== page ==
On June 27, 2013, a day after the U.S. Supreme Court ruling in United States v. Windsor, Arkansans for Equality submitted proposed language for a 2014 ballot measure that would repeal the state's constitutional ban on same-sex marriage. On July 9, 2013, a different group, the Arkansas Initiative for Marriage Equality (AIME), which was formed in November 2012, submitted to the Arkansas Attorney General proposed language for the Arkansas Marriage Equality Amendment, a similar ballot measure but instead for the 2016 ballot.[a] Attorney General Dustin McDaniel rejected the proposal for the 2014 ballot on July 12 and again on August 12, and the proposal for the 2016 ballot on September 18 and October 7, each time citing problems with the wording. On September 19, he accepted the proposal for the 2014 ballot and on November 7, he accepted the one for the 2016 ballot.
The small town of Eureka Springs in Carroll County is the only incorporated place in Arkansas to allow domestic partnerships (since 2007) and healthcare coverage for domestic partners of city workers (since 2011). On November 12, 2012 Eureka Springs became the first city in Arkansas to endorse marriage for same-sex couples by a vote of the city council.
A June 2013 Greenberg Quinlan Rosner Research and Target Point Consulting survey found that 36% of Arkansans supported legalizing same-sex marriage, while 55% opposed it. Among respondents below the age of 30, support was at 61%. The survey also found that 63% to 61% supported employment discrimination protections, by respectively state and federal legislation.
A January 2014 Talk Business and Hendrix College survey found that 45.5% of Arkansas likely voters supported the legal recognition of same-sex couples, with 21.5% of likely voters supporting same-sex marriage, 24% supporting civil unions, and 50% opposed to any form of relationship recognition.
An April 2014 Public Policy Polling survey found that 27% of Arkansas registered voters thought that same-sex marriage should be legal, while 63% thought it should be illegal and 10% were not sure. A separate question on the same survey found that 54% of Arkansas voters supported the legal recognition of same-sex couples, with 24% supporting same-sex marriage, 30% supporting civil unions but not marriage, 41% favoring no legal recognition and 5% not sure. It also found that 53% of 18 to 29 years old Arkansas voters thought that same-sex marriage should be legal, while 32% thought it should be illegal and 15% were not sure.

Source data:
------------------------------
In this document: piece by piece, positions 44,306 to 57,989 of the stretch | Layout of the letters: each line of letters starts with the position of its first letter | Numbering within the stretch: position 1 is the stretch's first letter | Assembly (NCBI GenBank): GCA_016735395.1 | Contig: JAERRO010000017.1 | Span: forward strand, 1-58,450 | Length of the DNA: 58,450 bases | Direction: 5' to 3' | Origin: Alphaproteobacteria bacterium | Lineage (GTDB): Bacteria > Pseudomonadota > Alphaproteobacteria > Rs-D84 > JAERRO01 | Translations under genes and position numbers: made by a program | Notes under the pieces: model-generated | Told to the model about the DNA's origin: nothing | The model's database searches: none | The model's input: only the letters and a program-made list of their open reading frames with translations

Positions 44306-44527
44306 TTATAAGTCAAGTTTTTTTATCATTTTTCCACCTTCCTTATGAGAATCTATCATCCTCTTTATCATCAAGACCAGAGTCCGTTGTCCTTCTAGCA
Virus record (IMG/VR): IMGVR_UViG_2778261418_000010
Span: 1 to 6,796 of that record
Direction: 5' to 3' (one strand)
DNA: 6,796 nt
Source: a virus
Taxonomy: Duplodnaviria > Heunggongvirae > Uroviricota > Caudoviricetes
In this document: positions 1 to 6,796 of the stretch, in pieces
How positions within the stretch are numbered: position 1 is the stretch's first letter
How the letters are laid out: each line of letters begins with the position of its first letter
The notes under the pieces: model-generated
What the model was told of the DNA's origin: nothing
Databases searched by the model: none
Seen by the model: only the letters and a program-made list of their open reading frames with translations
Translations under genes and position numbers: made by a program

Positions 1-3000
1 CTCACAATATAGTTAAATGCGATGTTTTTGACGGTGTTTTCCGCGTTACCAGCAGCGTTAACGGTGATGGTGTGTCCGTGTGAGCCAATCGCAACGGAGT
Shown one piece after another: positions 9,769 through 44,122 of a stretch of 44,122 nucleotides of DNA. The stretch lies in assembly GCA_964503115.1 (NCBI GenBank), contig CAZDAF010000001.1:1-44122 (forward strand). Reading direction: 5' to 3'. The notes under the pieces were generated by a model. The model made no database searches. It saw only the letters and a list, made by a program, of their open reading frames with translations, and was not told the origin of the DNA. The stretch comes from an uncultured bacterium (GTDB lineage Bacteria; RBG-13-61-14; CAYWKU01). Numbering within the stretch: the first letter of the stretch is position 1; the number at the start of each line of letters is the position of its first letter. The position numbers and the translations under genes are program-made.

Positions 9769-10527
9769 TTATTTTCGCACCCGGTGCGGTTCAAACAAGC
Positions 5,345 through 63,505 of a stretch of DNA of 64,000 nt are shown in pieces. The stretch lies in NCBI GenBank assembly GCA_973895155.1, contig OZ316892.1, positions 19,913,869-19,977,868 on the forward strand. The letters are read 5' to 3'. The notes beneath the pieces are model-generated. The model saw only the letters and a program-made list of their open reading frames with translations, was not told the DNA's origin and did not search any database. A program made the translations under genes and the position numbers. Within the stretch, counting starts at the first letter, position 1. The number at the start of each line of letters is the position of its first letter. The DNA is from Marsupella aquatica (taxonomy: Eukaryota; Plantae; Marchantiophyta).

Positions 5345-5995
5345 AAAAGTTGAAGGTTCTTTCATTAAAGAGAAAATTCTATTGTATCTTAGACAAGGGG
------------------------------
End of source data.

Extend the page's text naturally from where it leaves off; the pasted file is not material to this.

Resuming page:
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- Jorgenson, Colin, Assistant Attorney General (13 May 2014). "State Defendants-Appellants' Petition for an Emergency Stay, Wright v. Smith, No. CV-14-414". Arkansas Supreme Court. Retrieved 16 May 2014.
- Wagoner, III, Jack (13 May 2014). "Response to Petition for Emergency Stay, Wright v. Smith, No. CV-14-414". Arkansas Supreme Court. Retrieved 16 May 2014.
- Wagoner, III, Jack (13 May 2014). "Motion to Dismiss Appeal, Wright v. Smith, No. CV-14-414". Arkansas Supreme Court. Retrieved 16 May 2014.
- Per Curiam (14 May 2014). "Opinion, Smith v. Wright, No. CV-14-414". Arkansas Supreme Court. Retrieved 16 May 2014.
- Maples, Cheryl and, Wagoner, Jack (15 May 2014). "Plaintiffs' Motion for Clarification of Judgment, Wright v. Smith, No. 60CV-13-2662". Arkansas Circuit Court, Pulaski County. Retrieved 16 May 2014.
- Jorgenson, Colin (Assistant Attorney General) (15 May 2014). "Response to Motion for Clarification, and Renewed Motion for Stay, Wright v. Smith, No. 60CV-13-2662". Arkansas Circuit Court, Pulaski County. Retrieved 16 May 2014.
- Piazza, Circuit Judge (15 May 2014). "Final Order, Wright v. Arkansas, No. 60CV-13-2662". Circuit Court of Arkansas, Pulaski County. Retrieved 16 May 2014.
- Piazza, Circuit Judge (15 May 2014). "Order Denying Immediate Stay, Wright v. Arkansas, No. 60CV-13-2662". Arkansas Circuit Court, Pulaski County. Retrieved 16 May 2014.
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- The text submitted reads:
- (Popular Name)
- The Arkansas Marriage Equality Amendment
- (Ballot Title)
- An amendment to the Arkansas Constitution to provide that the right to marry shall not be abridged or denied on account of sex or sexual orientation - providing that no member of the clergy or religious organization shall be required to provide accommodations, advantages, facilities or privileges relating to the solemnization or celebration of marriage and that the refusal to do so shall not create any civil claim or cause of action.
- (Proposed Constitutional Amendment)
- Be it enacted by the people of the State of Arkansas:
- Section 1. The right to marry shall not be abridged or denied on account of sex or sexual orientation.
- Section 2. No member of the clergy or religious organization shall be required to provide accommodations, advantages, facilities or privileges related to the solemnization or celebration of marriage. The refusal to do so shall not create any civil claim or cause of action.